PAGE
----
My first true sports love was the Green Bay Packers. Growing up along the border of Wisconsin-Illinois, my classmates were divided between Cheesehead lovers and the Monsters of Midway, making the Bears-Packers games something of legend. Nevermind the fact that I was born the year Ditka took Da Bears to Da Superbowl – Brett Favre and Vince Lombardi were my childhood heroes, along with Nadia Comaneci.
I soon took up a profound love for my university team, the Iowa Hawkeyes, as well as the Chicago Cubs, both perennial underdogs in their leagues. Then I up and moved to Spain, where no pigskins or baseballs are readily sold. I’d have to choose between tennis, synchronized swimming or fútbol to satisfy my sports cravings.
Thankfully, fútbol is sacred in Spain, and I was soon watching games every week with friends around the city. I learned the names of all the players on the Spanish national team and followed them earnestly (I even jumped into the Cantábrico when they won the World Cup in 2010, one of my fondest memories of my time in Spain). But I never answered the question so many students posed: ¿Sevilla ó Betis?
Thanks to some earnest friends and invitations to Estadio Benito Villamarin, I have become bética, which is Seville’s lesser-known team and home to one of Spain’s biggest fan bases (true story: there’s a Peña Bética club in NYC). Friends like JM, the Novio, Manuel, Pedro and even my former boss sold me on the idea of the underdog, the verdiblancos whose reputation took a beating in 2009 when they descended from the top Division Primera of La Liga into Segunda, where they spent two seasons. I attended the match late in the 2011 season los de la Palmera secured enough points to ascend back to Primera, and my heart swelled. That was all it took – living on the borde of a victory or a terrible defeat, the colorful ways the fans would insult the refs, the other team, even their own players and coach. If Barcelona Futbol Club is “Mes que un Club,” Betis is more than a feeling.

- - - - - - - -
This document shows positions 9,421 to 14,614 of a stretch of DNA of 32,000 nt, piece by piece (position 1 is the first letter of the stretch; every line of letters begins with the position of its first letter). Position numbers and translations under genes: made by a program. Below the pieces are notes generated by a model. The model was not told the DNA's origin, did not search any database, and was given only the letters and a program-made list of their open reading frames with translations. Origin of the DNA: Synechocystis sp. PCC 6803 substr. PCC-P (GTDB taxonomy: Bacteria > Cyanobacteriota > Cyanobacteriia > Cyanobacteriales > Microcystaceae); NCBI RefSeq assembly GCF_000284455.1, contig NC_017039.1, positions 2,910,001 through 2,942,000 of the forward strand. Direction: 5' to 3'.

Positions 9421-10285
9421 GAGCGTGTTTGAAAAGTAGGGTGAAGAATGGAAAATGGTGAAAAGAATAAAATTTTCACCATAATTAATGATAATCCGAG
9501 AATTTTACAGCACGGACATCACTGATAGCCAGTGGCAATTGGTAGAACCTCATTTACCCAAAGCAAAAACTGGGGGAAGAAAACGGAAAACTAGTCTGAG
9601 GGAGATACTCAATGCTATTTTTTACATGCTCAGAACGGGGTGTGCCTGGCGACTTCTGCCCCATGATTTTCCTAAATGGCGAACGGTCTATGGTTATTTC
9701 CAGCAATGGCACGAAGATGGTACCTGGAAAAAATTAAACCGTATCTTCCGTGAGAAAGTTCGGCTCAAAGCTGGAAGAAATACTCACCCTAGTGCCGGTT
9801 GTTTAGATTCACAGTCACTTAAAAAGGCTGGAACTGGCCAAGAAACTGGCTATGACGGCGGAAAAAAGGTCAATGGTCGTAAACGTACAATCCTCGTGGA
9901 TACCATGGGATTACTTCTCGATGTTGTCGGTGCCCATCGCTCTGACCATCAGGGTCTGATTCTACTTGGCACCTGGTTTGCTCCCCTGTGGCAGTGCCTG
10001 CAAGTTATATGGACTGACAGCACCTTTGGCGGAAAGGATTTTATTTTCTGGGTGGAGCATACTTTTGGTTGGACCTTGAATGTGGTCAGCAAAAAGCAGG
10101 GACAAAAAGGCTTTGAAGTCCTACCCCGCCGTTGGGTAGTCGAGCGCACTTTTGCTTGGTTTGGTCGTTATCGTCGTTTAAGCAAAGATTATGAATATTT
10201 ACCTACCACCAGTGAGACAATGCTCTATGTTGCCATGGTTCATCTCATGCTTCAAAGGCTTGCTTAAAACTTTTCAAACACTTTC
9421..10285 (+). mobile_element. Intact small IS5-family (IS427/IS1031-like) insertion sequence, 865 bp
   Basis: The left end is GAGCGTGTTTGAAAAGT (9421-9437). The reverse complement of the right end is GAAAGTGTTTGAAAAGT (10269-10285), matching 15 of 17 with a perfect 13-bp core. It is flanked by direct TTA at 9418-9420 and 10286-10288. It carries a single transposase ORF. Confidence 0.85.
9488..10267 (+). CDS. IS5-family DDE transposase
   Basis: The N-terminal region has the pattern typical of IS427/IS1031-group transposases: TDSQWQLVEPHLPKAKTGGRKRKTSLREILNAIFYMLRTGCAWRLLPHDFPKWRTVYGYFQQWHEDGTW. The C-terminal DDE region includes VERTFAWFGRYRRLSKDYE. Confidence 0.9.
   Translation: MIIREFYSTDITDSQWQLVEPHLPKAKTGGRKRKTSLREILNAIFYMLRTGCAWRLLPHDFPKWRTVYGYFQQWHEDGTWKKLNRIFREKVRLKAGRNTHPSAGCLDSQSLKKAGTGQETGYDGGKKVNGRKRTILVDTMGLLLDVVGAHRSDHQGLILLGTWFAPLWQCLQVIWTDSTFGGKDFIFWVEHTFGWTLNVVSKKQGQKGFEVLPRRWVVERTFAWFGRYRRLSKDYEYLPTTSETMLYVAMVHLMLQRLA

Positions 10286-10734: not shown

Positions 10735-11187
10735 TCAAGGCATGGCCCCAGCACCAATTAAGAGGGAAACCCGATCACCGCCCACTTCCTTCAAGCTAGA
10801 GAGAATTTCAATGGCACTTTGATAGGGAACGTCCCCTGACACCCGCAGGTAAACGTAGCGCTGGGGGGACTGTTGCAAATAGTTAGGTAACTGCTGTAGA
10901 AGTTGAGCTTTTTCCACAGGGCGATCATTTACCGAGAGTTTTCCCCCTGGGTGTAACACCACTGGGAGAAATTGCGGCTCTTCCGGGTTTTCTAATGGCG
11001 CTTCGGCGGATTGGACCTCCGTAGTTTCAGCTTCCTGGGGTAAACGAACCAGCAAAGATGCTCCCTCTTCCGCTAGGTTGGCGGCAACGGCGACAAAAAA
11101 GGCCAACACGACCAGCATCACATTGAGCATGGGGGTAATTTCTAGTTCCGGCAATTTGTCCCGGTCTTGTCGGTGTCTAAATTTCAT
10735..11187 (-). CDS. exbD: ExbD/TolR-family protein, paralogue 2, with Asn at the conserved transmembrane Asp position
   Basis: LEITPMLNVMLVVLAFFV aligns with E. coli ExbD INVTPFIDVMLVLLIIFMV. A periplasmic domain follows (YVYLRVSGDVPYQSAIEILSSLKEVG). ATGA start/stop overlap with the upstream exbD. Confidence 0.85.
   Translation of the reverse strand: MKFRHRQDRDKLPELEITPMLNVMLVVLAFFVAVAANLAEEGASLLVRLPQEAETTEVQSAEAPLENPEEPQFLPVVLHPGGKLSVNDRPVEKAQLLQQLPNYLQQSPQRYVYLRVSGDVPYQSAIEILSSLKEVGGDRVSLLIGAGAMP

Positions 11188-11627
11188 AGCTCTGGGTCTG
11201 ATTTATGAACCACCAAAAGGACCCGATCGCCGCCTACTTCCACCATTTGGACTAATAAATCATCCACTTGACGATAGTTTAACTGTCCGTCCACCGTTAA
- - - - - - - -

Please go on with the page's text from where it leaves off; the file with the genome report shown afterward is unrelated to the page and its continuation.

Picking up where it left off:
Note to self: it’s a fútbol team, no need to wax poetic. Besides, this post is about the matches and not my team.
Towards the end of the 2012-13 season, I went to the Derbi Sevillano, a pre-Feria tradition where Seville’s two teams square off. Season records are broken in attendance, and police forces swell to accommodate the botellones before kickoff. Tickets are a hot commodity, but the Novio’s business trip meant Emilio and I would be squished together in Gol Norte, cheering on our afición.
Attending a match with socios is a lot like attending a reunion – everyone knows one another, passing around packs of sunflower seeds and glasses of wine. Everything is debated and criticized, from calls to inability to stop goals. People go hoarse slinging insults at the other team (or even their own), hugging and giving slaps on the back when the team scores or has a good rebote. The two halves pass by quickly when you’re up, or excruciatingly slow when you’re down.
For my birthday last week, the Novio bought Emilio’s season passes off him, so we’re in for another season of debilitating defeats! The season started last week and will last until June, then it’s World Cup time again! Move over, Cubbies, attending a Spanish fútbol match is a whoooole new ballgame:
Understand the Organigrama of the Liga BBVA
The BBVA Spanish soccer league is composed of 20 teams in the top tier, called La Liga in Spanish and is one of the most-watched leagues in the World (duh, Spain has won the 2008 and 2012 Euro Cups and the 2010 World Cup). Each team plays a schedule of two rounds against the other teams, once home and once away, for 38 weeks, each called a jornada. Depending on match outcome, the teams earn up to three points, and they accumulate points throughout the season.